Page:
5. Build a solid team of people you trust – this is something I absolutely stumbled through. I started looking for a house two years ago and went through my share of shady real estate agents, attorneys who didn’t have time for me, and loan officers who will try to get you to say anything to pre-approve you for a mortgage (so if you were to hypothetically work this many hours of overtime, how much money would you say you make?).

Real Estate Agents – Don’t be afraid to interview real estate agents, fire real estate agents, and have multiple agents working for you. Remember, it costs you nothing to have an agent working to help you buy a house, and they get a fatty commission at the end of the day, so make them work for it!

One caveat – I had a great real estate agent, up to a point. When my price point dropped, his level of service dropped. I ended up closing my deal with no real estate agent on my side, which was infinitely harder on all fronts (suddenly, searching, calling on properties, and setting up appointments was all my boyfriend and me).

Another caveat – at my price point, (under $300k in NYC), the selling agents for houses I could afford and were interested in were unwilling to speak to an agent because it would cut in on their already smaller commission. So at a certain level, you may have to pound the pavement (virtual and otherwise) on your own.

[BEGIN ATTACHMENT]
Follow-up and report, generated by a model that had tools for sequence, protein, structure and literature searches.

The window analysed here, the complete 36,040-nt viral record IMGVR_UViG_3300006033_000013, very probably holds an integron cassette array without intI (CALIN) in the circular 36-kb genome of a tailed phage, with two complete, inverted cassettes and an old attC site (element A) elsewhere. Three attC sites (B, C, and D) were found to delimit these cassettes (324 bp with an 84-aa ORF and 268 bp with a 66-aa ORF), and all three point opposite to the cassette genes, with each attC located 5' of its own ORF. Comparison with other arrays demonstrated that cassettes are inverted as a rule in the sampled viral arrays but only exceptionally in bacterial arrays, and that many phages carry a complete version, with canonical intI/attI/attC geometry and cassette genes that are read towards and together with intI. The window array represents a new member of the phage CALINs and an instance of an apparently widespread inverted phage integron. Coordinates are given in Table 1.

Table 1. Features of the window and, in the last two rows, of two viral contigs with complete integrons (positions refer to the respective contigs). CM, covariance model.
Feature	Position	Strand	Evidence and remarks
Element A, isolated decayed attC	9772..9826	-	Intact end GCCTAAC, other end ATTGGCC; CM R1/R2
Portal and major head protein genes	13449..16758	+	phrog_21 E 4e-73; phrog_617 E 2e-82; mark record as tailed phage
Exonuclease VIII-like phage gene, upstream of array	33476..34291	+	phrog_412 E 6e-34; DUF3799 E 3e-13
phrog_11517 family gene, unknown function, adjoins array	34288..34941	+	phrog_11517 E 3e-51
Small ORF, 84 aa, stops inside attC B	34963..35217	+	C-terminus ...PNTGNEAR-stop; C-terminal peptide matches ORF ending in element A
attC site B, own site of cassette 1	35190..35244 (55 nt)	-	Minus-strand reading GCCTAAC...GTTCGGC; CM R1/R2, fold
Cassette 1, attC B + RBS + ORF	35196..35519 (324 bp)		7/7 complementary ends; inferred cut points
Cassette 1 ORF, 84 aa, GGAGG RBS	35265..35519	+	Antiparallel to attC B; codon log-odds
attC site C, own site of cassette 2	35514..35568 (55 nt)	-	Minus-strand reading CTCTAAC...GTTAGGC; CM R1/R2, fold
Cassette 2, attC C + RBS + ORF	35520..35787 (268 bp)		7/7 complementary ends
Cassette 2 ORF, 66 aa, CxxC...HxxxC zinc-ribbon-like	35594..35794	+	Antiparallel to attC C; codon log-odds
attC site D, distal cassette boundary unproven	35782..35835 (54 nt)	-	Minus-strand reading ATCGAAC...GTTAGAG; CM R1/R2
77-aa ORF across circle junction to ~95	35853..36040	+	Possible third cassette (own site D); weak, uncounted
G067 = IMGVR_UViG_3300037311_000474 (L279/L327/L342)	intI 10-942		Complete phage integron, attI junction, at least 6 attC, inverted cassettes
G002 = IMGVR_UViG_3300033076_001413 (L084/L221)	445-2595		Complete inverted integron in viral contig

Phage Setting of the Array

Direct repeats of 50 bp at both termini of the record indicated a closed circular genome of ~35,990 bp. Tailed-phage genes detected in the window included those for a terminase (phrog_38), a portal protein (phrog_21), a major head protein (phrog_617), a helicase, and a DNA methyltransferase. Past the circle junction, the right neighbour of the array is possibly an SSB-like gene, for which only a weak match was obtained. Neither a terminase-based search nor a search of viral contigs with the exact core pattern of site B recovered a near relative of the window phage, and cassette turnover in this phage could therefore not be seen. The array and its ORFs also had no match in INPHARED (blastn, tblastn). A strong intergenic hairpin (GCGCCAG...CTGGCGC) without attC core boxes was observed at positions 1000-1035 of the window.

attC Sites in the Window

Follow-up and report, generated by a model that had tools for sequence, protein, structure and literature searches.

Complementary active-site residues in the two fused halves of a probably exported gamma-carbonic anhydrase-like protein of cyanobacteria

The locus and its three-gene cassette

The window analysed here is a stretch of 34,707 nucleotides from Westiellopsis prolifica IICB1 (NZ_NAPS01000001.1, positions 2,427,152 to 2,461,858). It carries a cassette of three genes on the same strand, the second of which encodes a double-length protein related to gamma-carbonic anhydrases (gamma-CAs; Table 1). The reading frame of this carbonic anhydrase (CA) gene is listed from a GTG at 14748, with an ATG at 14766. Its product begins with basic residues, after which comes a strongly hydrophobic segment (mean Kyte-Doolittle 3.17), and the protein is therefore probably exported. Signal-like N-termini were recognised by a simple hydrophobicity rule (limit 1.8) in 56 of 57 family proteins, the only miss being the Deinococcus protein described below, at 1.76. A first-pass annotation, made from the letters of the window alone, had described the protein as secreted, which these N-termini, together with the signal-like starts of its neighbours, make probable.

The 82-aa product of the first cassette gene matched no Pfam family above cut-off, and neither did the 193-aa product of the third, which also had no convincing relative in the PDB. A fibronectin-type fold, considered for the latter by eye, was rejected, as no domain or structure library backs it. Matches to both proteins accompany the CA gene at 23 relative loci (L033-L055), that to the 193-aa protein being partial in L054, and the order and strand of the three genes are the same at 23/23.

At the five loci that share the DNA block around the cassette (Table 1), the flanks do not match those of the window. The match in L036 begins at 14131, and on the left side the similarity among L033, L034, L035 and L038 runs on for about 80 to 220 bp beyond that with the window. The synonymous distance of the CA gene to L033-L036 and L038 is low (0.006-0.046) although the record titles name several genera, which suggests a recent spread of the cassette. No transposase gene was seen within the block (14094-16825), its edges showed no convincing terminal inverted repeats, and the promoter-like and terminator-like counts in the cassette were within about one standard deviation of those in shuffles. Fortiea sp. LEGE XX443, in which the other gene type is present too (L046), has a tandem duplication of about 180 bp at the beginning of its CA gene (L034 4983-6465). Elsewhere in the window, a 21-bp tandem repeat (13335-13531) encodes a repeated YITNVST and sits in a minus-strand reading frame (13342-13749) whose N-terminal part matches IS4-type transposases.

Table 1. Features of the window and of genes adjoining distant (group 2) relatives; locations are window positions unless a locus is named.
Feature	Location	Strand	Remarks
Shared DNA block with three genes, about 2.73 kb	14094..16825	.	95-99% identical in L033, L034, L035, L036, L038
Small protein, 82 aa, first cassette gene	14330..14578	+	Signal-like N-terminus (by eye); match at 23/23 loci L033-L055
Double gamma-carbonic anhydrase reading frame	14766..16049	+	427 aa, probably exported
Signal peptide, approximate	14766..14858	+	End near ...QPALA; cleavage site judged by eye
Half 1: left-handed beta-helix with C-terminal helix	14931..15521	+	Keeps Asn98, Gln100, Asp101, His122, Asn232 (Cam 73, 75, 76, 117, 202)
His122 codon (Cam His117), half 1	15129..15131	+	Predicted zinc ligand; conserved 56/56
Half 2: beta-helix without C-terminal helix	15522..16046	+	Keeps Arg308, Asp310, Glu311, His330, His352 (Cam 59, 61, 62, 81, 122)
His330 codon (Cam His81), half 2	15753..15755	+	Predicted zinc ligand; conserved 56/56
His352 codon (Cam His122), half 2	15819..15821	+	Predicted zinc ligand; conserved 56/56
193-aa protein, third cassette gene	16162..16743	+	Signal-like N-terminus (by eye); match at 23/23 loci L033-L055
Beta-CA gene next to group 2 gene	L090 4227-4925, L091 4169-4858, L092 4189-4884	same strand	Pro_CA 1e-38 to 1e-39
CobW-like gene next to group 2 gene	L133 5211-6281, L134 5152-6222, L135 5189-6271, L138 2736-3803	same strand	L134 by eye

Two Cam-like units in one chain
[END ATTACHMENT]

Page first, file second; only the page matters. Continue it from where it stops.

Real Estate Attorneys – so this has to be the biggest racket in NY, because most other states don’t require this, but there are actually three attorneys involved in the whole process – your attorney, the seller’s attorney, and the bank attorney. You have to pay for your attorney and the bank attorney. Make sure you also speak with multiple attorneys and get a feel for their working and communication style. You don’t have to be friends, but you do have to trust that they will take care of you at the closing table. Mine definitely did and we couldn’t have closed without her.

Lenders – You can get almost anyone to pre-approve you for a loan, especially as you move out of larger banks (Well Fargo, Chase, Citibank, etc.), and into smaller places that focus on lending money. I have encountered almost everything, from places that will allow someone to vouch for your character as part of their criteria to lenders who try to coerce you into actively lying to their system. Expect to not only pay more for these types of places, but also deal with some backhanded tactics that could end up biting you later down the road. For your first mortgage, I’d stick with the big banks or Firstxtra. Not that they are totally faultless (hello, Great Recession 2008), but because they tanked the economy so hard, their lending standards, while very tough, are in place to make sure you can afford this loan.

6. Be ready to be surprised at every point in the process – From getting the loan, to negotiating the price, to drawing up contracts, no one will be able to fully disclose every step right up front. This was hard for me because I have a hard time going with the flow in general (control issues and all), so each new surprise threw me off my game. Now that I have some perspective on it, I realize that even if someone was able to explain everything to me up front, chances are I wouldn’t remember a lot of it or it would be different 2 or 3 months down the line anyway.

And this should be a good primer for diving into something that really, no one can prime you for. This shit is going to be crazy. That is the only guarantee I can really give.

But man, when you get the keys to that house after all the dust has settled, nothing will seem like it wasn’t worth it.

Leave a Reply